Gene Hackman is a great actor. He played the lead in one of my favorite films from the 70s, "The Poseidon Adventure."
It's the unforgettable story of a cruise ship that is struck and capsized by a massive tidal wave at midnight on New Year's Eve.
It was an instant classic then, and remains so even today.
In the movie, Hackman plays the part of Reverend Scott. He leads an eclectic group of passengers in a harrowing set of adventures as they make their way through the bowels of the capsized ship to a "thin spot" in the hull at the stern. It's where, in the end, the remaining battered survivors are rescued.
But before Reverend Scott can help save the passengers, he must convince them that his is the only way out of the capsized ship.
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It is my favorite scene in the movie, because amid the carnage of the overturned ship, in a world where down is up, scores of passengers are divided into two groups: those who believe they will be fine if they just stay put and those who believe they should take matters into their own hands.
It's a classic juxtaposition, and it reminds me of what is going on in the housing market.
On the one hand you have industry shills like David Lereah and his "soft landing" fantasy, urging everyone to stay put. And on the other hand you have folks like me, who look out on the carnage and predict that it can only get worse.
So the question is, who should you believe? Mr. Lereah and his "this is the bottom" or the actual numbers?
My vote, not surprisingly, is for the numbers, because unlike the people who twist them, they never lie. In fact, they tell the truths that others want to hide.
Unfortunately, these truths point not to a cushy landing but to a meltdown.
According to the national existing home sales figures released yesterday, every measure of supply is dramatically higher and every measure of demand is equally lower. It is the disturbing continuation of a pattern that began to develop in the spring.
And while the industry did manage to woo many a buyer with its "real estate never declines" mantra, it never managed to divorce them from the laws of supply and demand.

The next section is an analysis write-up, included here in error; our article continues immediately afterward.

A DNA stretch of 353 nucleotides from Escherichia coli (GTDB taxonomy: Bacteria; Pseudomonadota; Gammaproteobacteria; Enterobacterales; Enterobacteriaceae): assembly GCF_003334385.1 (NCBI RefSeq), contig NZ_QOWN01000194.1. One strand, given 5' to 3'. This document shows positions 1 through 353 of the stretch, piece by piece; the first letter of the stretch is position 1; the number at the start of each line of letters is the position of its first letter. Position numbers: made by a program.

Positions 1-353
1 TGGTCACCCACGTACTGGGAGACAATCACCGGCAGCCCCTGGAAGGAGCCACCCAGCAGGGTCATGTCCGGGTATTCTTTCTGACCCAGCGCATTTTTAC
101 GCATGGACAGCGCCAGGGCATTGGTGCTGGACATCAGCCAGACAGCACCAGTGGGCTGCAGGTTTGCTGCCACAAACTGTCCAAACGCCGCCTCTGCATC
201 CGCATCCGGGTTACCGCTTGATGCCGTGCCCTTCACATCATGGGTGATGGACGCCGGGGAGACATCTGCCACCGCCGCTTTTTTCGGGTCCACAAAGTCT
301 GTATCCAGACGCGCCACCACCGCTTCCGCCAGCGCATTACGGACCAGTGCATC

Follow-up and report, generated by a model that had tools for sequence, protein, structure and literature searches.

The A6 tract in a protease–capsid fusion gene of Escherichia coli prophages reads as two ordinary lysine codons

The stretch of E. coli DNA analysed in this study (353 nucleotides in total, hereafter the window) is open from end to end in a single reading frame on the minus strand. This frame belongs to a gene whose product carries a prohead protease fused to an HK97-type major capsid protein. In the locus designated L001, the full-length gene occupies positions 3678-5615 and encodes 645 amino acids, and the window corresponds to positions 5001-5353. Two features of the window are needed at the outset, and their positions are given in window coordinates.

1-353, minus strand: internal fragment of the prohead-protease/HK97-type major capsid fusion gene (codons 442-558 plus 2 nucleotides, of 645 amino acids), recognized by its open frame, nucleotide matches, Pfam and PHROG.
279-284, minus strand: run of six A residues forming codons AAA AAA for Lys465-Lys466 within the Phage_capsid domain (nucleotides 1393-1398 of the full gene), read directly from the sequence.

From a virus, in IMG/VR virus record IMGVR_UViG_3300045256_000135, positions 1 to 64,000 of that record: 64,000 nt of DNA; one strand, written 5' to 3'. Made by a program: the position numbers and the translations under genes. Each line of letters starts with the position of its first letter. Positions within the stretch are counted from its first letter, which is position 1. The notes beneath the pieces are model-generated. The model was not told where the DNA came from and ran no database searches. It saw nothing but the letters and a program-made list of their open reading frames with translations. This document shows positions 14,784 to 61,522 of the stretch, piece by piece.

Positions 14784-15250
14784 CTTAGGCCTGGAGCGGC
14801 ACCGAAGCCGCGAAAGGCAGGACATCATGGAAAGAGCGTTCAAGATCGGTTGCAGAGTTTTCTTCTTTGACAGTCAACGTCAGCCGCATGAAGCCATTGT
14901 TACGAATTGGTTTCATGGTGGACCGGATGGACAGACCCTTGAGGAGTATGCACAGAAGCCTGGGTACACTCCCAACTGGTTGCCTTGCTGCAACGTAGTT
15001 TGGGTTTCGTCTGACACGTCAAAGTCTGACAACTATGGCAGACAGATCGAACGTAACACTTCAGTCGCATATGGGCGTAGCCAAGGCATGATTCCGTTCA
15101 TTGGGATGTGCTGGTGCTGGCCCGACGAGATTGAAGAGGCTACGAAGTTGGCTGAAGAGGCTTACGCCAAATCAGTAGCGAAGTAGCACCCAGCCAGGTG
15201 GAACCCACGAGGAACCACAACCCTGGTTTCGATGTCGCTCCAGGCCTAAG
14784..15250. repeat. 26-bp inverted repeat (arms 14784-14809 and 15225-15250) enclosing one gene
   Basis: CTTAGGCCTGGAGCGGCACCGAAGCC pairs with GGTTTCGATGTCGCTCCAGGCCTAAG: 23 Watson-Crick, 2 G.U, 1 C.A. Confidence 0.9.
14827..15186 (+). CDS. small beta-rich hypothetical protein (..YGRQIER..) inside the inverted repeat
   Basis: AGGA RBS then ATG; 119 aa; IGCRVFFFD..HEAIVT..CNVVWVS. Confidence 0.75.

This means one thing and one thing only-price declines.
In fact, according to the numbers, home prices have already begun to fall.
The median price of a single-family home fell to $219,800 last month, a drop of 2.5 percent from the price in September 2005. That was the biggest year-over-year price decline going back nearly four decades.
With numbers pointing to a meltdown coming in at a faster and faster pace, the question is not whether or not the ship has capsized. It's what you can do now to help yourself.
That's why I'm introducing a new section to the Housing 911 Report. Because while I have spent months talking about the existence of the bubble and the bankers that created it, I've haven't done enough to protect you from them.
The new section is called "Mortgage Matters," and it draws on my five-year experience as a loan officer. They were the reason I was able to recognize the bubble in the first place.
How could I have missed it, since I was literally at ground zero from its inception?
In Mortgage Matters, I am going to attempt to both educate and enlighten you as I tear down the curtains of the industry, exposing the things that they want to hide from you-including their infamous yield spread premium.
I'm doing this now not just because it's obvious that the bubble has burst, but because, in my opinion, now is absolutely the time to refinance if you're considering it. This is especially true if your loan is something other than a 30-year fixed. And it is urgent if your loan could be described as "exotic."
If many of you don't act now it will be too late to do so in the future. Market forces simply won't allow it.
I am, in short, like Hackman's character– Reverend Scott. I'm standing up the Christmas tree and telling you to climb out of the ballroom because I believe that it won't be long before the water starts to pour in.
But I'm not just going to tell you to climb; I am going to help you climb as I guide you through the mortgage process.
I will happily answer your mortgage questions in these columns if you email them to me at email@example.com. Because now is not the time to just hope that it will all turn out OK.
Now is the time to act.
And while I may not be able to get you to that thin spot in the hull-after all, I'm no preacher-I am certainly willing to help you along the way.
I look forward to this new venture, and I think that you will too.